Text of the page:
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Poem Of The River

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Poem Of The River album cover
Declaration (Album)
Silver Plane (Album)
She Lives By The Castle (Album)
Stained Glass Windows In The Sky (Album)
Riding On The Equator (Album)
Dark Red Birds (Album)
Album Information

Total Tracks: 6   Total Length: 26:01

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The All Music Review above does not refer to the Poem of the River, rather to the album Train Above The City. Also - all the "Felt" tracks linked to on Youtube at the right are by the contemporary hip-hop super-group who forgot to research whether their name had already been taken by a legendary band with a decade's worth of releases. It's like Google never happened...

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This is more a short album not an EP and despite what it says in the description of this album this is an absolute cracker. The two long tracks 'Dark Red Birds' and 'She Lives In A Castle' are possibly two of the best tracks you'll hear from any band, quite brilliant. Yes, they can sound like like Lou Reed but but who cares, people forget now nobody gave a toss about The Velvet Underground albums when they came out except a select few but now everybody considers them to be one of the best bands ever. I sincerely hope that given time, people will look back on Felt the same way and give them the credit they so richly deserve.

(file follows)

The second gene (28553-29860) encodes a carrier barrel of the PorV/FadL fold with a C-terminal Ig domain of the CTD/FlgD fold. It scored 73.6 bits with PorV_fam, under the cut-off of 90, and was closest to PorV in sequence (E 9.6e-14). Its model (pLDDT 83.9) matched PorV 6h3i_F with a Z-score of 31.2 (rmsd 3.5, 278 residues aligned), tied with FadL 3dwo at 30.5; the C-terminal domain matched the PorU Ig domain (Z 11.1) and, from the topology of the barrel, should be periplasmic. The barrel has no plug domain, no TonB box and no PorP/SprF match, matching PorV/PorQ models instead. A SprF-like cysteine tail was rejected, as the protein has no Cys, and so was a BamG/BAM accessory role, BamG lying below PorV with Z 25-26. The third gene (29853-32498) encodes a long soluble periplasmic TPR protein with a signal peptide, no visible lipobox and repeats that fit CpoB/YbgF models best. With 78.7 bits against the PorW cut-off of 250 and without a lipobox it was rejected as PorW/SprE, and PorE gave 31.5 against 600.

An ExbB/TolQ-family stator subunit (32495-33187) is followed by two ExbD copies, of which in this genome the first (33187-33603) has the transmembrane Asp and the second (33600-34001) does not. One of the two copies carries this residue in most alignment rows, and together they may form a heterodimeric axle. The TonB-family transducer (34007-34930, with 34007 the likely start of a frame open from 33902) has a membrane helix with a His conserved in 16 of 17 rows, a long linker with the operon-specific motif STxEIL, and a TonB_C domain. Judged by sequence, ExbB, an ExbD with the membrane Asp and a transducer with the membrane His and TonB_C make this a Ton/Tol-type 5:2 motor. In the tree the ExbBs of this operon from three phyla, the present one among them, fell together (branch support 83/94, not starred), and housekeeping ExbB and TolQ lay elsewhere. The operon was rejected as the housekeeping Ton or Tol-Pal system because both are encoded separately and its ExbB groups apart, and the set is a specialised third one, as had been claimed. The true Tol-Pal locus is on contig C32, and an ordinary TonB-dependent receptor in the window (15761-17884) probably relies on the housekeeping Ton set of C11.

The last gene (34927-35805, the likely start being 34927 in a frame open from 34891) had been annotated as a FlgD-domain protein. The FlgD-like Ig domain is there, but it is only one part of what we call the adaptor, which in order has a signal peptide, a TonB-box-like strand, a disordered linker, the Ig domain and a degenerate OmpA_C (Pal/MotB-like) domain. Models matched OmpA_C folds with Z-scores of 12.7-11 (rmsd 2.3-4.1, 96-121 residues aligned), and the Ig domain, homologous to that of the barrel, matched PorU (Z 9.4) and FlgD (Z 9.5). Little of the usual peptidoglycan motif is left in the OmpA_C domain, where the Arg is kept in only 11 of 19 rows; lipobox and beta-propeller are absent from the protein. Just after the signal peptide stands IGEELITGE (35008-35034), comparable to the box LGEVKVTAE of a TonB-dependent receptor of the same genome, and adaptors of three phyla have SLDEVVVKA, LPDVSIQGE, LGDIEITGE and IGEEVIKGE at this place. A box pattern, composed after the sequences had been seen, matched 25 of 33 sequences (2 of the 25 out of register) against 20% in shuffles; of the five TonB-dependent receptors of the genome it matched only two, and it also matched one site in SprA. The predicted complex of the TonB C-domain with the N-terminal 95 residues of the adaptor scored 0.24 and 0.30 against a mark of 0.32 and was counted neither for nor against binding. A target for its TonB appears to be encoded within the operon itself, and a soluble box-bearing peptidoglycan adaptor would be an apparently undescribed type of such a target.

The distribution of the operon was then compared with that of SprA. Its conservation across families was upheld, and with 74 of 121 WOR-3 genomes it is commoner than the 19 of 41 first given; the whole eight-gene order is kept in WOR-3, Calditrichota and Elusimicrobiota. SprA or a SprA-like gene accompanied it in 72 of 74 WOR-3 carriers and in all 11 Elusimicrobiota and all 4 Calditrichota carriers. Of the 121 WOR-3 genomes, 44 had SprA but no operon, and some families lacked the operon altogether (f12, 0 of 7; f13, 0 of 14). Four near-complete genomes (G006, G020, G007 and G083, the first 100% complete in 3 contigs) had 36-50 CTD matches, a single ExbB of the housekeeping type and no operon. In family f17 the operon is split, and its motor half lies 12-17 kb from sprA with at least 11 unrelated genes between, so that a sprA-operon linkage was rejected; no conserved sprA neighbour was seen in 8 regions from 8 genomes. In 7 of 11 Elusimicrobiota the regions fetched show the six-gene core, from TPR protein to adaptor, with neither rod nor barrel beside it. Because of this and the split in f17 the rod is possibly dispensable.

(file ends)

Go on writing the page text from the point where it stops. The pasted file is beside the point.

They Say All Music Guide

Red Krayola leader Mayo Thompson took over the producer’s chair for this EP, but the sound was very similar to Felt’s masterwork of the year before, Forever Breathes the Lonely Word. Focusing on the contributions of keyboardist Martin Duffy (who’d become singer Lawrence Hayward’s main instrumental foil after the departure of guitarist Maurice Deebank), Poem of the River once again offered rich, organ-enhanced folk-rock topped with Hayward’s droning but expressive vocals. Suggesting Lou Reed singing “Positively 4th Street”-era Dylan, it’s a successful combination, especially on short, sharp tracks like “Stained Glass Windows in the Sky.” The seemingly endless organ solos on “She Lives by the Castle” and “Riding on the Equator” dilute the impact somewhat, although the tunes themselves are attractive. Only the unusually (and unpleasantly) aggressive opener, “Declaration,” fails outright. Meanwhile, though Hayward drops an evocative line here and there, there’s nothing as front-to-back strong lyrically as “All the People I Like Are Those That Are Dead,” a gem from the previous album. But overall, Poem was far more than a stopgap between albums, and has appeal beyond the Felt completist. – Dan LeRoy

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